Cabinet passed new amendments to the ‘shelter in place’ regulations, Monday, toughening some of the rules on if and how people can move around during the daylight hours. Over the past few days, Premier Alden McLaughlin and Commissioner of Police Derek Byrne have also sought to clarify some uncertainty around how the rules will be applied and enforced. Here, we try to answer some of the key questions around the new regulations and what they mean.
What are the ‘shelter in place’ regulations for?
The regulations basically mean you are required to stay home unless you are covered by any of the exemptions outlined in the law. The aim is to reduce human contact and cut down the opportunities for the coronavirus to spread.
When do they apply?
The ‘shelter in place’ rules, also known as the soft curfew, apply from 5am until 7pm, Monday to Saturday. Outside of those hours only emergency services and essential workers, with written exemption letters, are allowed to be on the road.
What happens on Sundays?
Sundays have been separately designated as a ‘hard curfew’ day. That means no exercise, no going to the drive-through, no trips out of the house or yard except in emergencies. The usual exemptions apply for emergency service workers and key personnel with official permission to be on the road.
Can I still go to the supermarket?
The regulations still allow exemptions to go to the supermarket, gas station, bank or mini-mart. However, residents are now restricted to three days a week when they can visit these places.
How is that going to work?
The island’s population has been divided alphabetically. Those with the surname starting with A-K can shop Monday, Wednesday or Friday. Those in the L-Z category can shop Tuesday, Thursday or Saturday.
What about going to the pharmacy or the doctor?
Healthcare facilities, including pharmacies, are exempt from the split-shift system. You can visit those places on any day that they are open.
What about restaurants?
All restaurants are still closed to sit-in diners. But they are still allowed to be open for take-out and delivery.
Are any other businesses allowed to open?
Exemptions are being reviewed by government on a case-by-case basis and businesses can apply for permission to [email protected]. One recent example – the premier announced permission for baby shops to open for expectant mothers from 9am until 1pm.
Are the old regulations still in place?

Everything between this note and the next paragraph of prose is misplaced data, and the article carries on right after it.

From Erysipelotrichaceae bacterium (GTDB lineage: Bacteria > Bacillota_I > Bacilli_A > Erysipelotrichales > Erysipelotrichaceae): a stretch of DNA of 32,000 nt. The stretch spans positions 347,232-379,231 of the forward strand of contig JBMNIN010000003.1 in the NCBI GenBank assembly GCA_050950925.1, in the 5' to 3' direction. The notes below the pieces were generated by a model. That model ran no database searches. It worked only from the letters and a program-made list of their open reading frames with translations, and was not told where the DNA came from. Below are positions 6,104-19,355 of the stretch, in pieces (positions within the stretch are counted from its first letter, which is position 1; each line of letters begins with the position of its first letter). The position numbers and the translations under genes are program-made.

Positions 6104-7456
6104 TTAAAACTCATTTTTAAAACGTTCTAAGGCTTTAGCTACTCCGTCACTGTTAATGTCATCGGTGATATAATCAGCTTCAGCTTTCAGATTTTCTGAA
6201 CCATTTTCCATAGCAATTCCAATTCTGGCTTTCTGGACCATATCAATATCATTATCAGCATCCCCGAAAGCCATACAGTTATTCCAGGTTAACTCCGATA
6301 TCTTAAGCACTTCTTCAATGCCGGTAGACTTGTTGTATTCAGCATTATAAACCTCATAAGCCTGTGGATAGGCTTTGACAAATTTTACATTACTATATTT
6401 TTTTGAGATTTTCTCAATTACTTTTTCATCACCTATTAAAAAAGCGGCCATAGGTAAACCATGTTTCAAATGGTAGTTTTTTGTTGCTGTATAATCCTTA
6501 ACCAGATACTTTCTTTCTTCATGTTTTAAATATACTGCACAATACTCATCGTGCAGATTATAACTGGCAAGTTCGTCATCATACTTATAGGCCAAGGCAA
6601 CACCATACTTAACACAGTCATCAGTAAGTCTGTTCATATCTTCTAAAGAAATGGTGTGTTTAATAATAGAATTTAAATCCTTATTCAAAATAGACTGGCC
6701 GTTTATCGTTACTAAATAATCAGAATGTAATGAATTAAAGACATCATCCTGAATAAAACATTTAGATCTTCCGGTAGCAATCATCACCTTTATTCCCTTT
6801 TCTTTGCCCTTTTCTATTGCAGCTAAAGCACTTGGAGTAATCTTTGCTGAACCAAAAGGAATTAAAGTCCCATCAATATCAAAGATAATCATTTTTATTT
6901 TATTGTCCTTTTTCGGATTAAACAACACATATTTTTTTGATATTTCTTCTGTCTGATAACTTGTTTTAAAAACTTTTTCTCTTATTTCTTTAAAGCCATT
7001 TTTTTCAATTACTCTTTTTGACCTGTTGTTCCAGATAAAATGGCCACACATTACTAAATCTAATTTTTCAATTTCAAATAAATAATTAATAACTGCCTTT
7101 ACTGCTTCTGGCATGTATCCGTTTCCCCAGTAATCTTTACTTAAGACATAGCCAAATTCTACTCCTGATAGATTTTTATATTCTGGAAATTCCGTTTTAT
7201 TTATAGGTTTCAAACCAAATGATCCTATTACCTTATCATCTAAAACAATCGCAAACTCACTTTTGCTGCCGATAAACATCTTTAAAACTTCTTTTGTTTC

Yes. Public gatherings of more than two people are still banned. Churches and schools remain closed.
What about Easter services?
A traditional Easter as we know it is effectively cancelled. There will be no camping and no services, though most churches are endeavouring to provide virtual services.
What about weddings and funerals?
The original regulations do carve out an exemption for weddings and funerals with no more than 10 guests, though it is not clear if this is still being allowed.
Can I buy beer?
Liquor stores remain open, so you can buy alcohol on your allotted day. Some stores are running delivery services if it is not your day to shop.
Can I take a taxi?
The original regulations allow taxis to operate with up to two passengers and there has been no update to suggest that has changed.
Are people still allowed to exercise every day?
The exemption for 90 minutes of exercise a day remains in place, with the exception of Sundays which is a ‘hard curfew’ day. The police commissioner clarified, however, that the exercise is limited to the 12-hour period between 6am and 6pm.
What counts as exercise?
Byrne has stated that water sports are banned for the time being, to protect police resources. So that means no diving, kayaking, snorkelling, wakeboarding, waterskiing, parasailing or paddle boarding.
So, I can still go to the beach and swim in the ocean?
Access to public beaches across the Cayman Islands is now strictly curtailed for any activity including walking, exercising, swimming, snorkeling, or engaging in any type of marine activity. Public beach means the portion of the beach that ends at the high watermark, referred to as soft sand.
Can I go fishing?
Fishing of any kind is no longer permitted.
What about parents who are separated and need to transport their children between homes?
There is an exemption in the new regulations to allow parents to be on the road when they need to take their kids from one house to another to facilitate shared-custody arrangements.
What about emergencies?
There is a specific exemption allowing people to leave their homes if they are at risk of injury or death.
What are the penalties for breaking the regulations?
Breaking the regulations carries a maximum penalty of six months in prison or a $1,000 fine. A ticketing system was introduced Tuesday to allow police to issue on-the-spot fines – similar to speeding tickets for breaches of the soft curfew.
How will that work?
If an officer believes you have committed an offence under the regulations, he can serve you with a ticket requiring you to pay a fine within the next 28 days. If you fail to pay the fine you can be brought to court.
What if you want to contest the ticket?
You have the option to enter a not guilty plea and attend Summary Court to state your case on the date specified on the ticket. By doing so, however, you run the risk of a higher fine, or even a jail sentence.
What are the fines?
The schedule lists fines including $250 for failing to maintain six-feet social distance from another person, $750 for holding a public meeting, $500 for visiting the supermarket outside your allotted day and $500 for being outside of your house or yard without lawful authority.